Notice that the top graph excludes interest payments on the national debt. If nothing is done and interest payments are added, the federal budget is projected to grow to 43% of GDP in 2050 with interest payments on the skyrocketing national debt alone costing 16% of GDP (and these estimates were done before the current recession). Federal tax revenue has averaged about 18% of GDP for the last 30 years. Hence, without a very large increase in taxes, the federal deficit in projected to explode in the near future — mainly due to rising healthcare costs.

Why worry about the federal deficit?

We’ve been hearing dire warnings about federal deficits at least since the 1980’s when the Reagan tax cuts caused the yearly federal deficit to jump to unprecedented levels. However, none of the predicted bad effects has materialized yet. Interest rates have stayed low. Buyers have lined up to eagerly buy our Treasury bonds. Interest payments as a share of federal outlays have actually fallen from 14% in 1985 to a projected 7% in 2009. Why is action so urgent now?

I believe the situation we currently face is different in two fundamental ways. First, the size the projected long-term deficits is much larger than we have ever experienced in peacetime. See the graphs on page 4 and the title page of the CBO’s most recent “Long-Term Budget Outlook.”

Second, our government is now selling most of its debt to foreigners. After the waves of currency crises that swept around the world between 1996 and 2001, many countries decided they needed to increase their reserves of U.S. dollar assets. By purchasing U.S. bonds, foreign governments caused the U.S. dollar to rise in value relative to their currencies and this promoted a rapid growth in their exports. Maintaining an undervalued exchange rate turned out to be a spectacularly successful development strategy — one that China and other other developing countries have been reluctant to give up. China now has accumulated over $1.5 trillion in U.S. debt and knows it will suffer large capital losses on this debt as soon as it stop buying dollars and lets the Yuan appreciate.

During the last decade, the U.S. has not experienced rising interest rates and the other negative consequences of its large federal deficits because foreigners have willingly accumulated U.S. dollars. They now have more dollars than they want and may soon start selling rather than buying. Interest rates will soon rise dramatically.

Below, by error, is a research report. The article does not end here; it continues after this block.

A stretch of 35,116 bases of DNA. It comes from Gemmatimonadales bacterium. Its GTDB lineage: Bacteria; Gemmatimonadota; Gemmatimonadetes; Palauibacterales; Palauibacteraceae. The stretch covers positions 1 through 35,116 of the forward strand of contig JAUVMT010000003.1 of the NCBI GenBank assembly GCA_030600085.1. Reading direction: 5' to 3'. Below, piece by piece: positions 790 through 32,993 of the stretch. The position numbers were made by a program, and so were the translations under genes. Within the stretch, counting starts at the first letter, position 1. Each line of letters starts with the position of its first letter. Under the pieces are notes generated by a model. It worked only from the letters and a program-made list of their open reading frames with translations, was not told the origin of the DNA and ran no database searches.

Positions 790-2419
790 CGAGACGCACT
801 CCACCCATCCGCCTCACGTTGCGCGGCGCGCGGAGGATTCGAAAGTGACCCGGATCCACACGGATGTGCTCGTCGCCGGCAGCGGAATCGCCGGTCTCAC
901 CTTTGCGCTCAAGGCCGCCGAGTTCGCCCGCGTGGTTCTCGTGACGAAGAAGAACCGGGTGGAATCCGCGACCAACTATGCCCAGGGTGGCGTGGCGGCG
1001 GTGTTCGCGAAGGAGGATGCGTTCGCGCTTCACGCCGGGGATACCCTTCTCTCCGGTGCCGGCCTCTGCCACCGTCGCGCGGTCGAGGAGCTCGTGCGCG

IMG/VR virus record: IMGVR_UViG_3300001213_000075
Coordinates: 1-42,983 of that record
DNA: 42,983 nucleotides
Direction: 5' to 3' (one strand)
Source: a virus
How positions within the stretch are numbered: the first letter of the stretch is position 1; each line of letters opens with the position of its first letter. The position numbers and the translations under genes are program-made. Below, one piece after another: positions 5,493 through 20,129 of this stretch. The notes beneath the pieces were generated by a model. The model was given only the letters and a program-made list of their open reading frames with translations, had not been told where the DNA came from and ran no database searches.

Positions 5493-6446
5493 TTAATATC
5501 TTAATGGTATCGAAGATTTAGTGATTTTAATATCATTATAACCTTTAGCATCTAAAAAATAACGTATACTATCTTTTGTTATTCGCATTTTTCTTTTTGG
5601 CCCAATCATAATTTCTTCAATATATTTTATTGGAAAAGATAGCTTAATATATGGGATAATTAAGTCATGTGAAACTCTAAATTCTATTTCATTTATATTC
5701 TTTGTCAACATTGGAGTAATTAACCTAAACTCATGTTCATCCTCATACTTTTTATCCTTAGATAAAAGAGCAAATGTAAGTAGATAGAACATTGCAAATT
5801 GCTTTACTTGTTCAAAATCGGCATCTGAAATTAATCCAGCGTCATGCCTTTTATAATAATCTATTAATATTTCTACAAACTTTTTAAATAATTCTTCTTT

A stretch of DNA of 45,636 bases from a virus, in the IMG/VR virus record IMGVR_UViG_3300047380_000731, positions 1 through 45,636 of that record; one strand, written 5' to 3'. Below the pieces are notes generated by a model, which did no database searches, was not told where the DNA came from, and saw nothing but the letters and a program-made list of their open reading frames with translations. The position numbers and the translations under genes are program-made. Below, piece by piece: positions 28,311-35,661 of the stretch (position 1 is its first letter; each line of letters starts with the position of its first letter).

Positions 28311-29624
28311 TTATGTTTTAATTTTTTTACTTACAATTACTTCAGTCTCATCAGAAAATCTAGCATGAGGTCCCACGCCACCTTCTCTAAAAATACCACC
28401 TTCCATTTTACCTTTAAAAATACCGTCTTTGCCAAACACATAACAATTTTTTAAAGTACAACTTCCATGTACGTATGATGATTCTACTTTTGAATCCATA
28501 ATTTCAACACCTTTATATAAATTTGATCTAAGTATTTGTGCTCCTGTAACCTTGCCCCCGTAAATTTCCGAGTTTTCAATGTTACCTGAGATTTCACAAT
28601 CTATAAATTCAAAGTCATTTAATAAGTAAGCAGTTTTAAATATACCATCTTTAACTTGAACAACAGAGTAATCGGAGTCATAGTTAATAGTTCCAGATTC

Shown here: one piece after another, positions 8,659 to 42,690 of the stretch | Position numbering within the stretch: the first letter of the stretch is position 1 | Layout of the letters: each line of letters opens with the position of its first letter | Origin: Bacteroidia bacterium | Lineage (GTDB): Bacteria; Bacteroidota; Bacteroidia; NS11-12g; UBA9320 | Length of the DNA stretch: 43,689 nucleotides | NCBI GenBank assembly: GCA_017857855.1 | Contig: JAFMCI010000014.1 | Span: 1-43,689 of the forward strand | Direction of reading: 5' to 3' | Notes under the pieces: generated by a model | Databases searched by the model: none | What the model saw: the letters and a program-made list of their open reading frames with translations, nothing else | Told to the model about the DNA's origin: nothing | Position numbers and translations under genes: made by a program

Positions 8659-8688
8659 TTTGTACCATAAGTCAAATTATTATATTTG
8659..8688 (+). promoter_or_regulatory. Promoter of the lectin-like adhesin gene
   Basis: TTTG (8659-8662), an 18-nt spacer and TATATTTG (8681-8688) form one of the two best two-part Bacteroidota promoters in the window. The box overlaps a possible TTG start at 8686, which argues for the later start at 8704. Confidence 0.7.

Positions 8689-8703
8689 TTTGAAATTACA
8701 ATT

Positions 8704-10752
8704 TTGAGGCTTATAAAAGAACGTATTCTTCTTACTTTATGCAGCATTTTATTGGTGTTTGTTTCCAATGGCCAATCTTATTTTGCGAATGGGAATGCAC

Because more than half of U.S. Treasury debt is now foreign-owned, foreigners have also gained a powerful foreign policy tool they can use against us. Sudden large sales of foreign-owned U.S. Treasury bonds would dramatically raise U.S. interest rates and disrupt our financial system. The U.S. threatened this financial weapon against the British an French governments and forced them to withdraw from the Suez Canal in the 1950’s. The Chinese could now do the same in a conflict with us.

Are we going the way of G.M.?

For sixty years, G.M. was the largest and strongest car company in the world. Because it was so powerful, G.M. could delay facing up to its mounting losses during the last decade. Neither management nor the unions stepped up to make the painful changes necessary to confront G.M.‘s problems and save the company. G.M. ended up bankrupt. Unfortunately, the U.S. faces a similar situation.

A final complication

A federal budget deficit for a year or two is not necessarily bad. During our current severe recession, the federal deficit has ballooned to an unprecedented $1.5 trillion. This deficit is due partly to the additional spending from the stimulus package, but mostly to a decline in tax collections. Both lower taxes and increased government spending are stimulating our economy at a time that stimulus is sorely needed. There is no doubt that the debt we are accumulating is adding to our long-term problem. However, large deficits are necessary until the recession ends. As soon as the economy gets back on it feet, the federal budget must be balanced.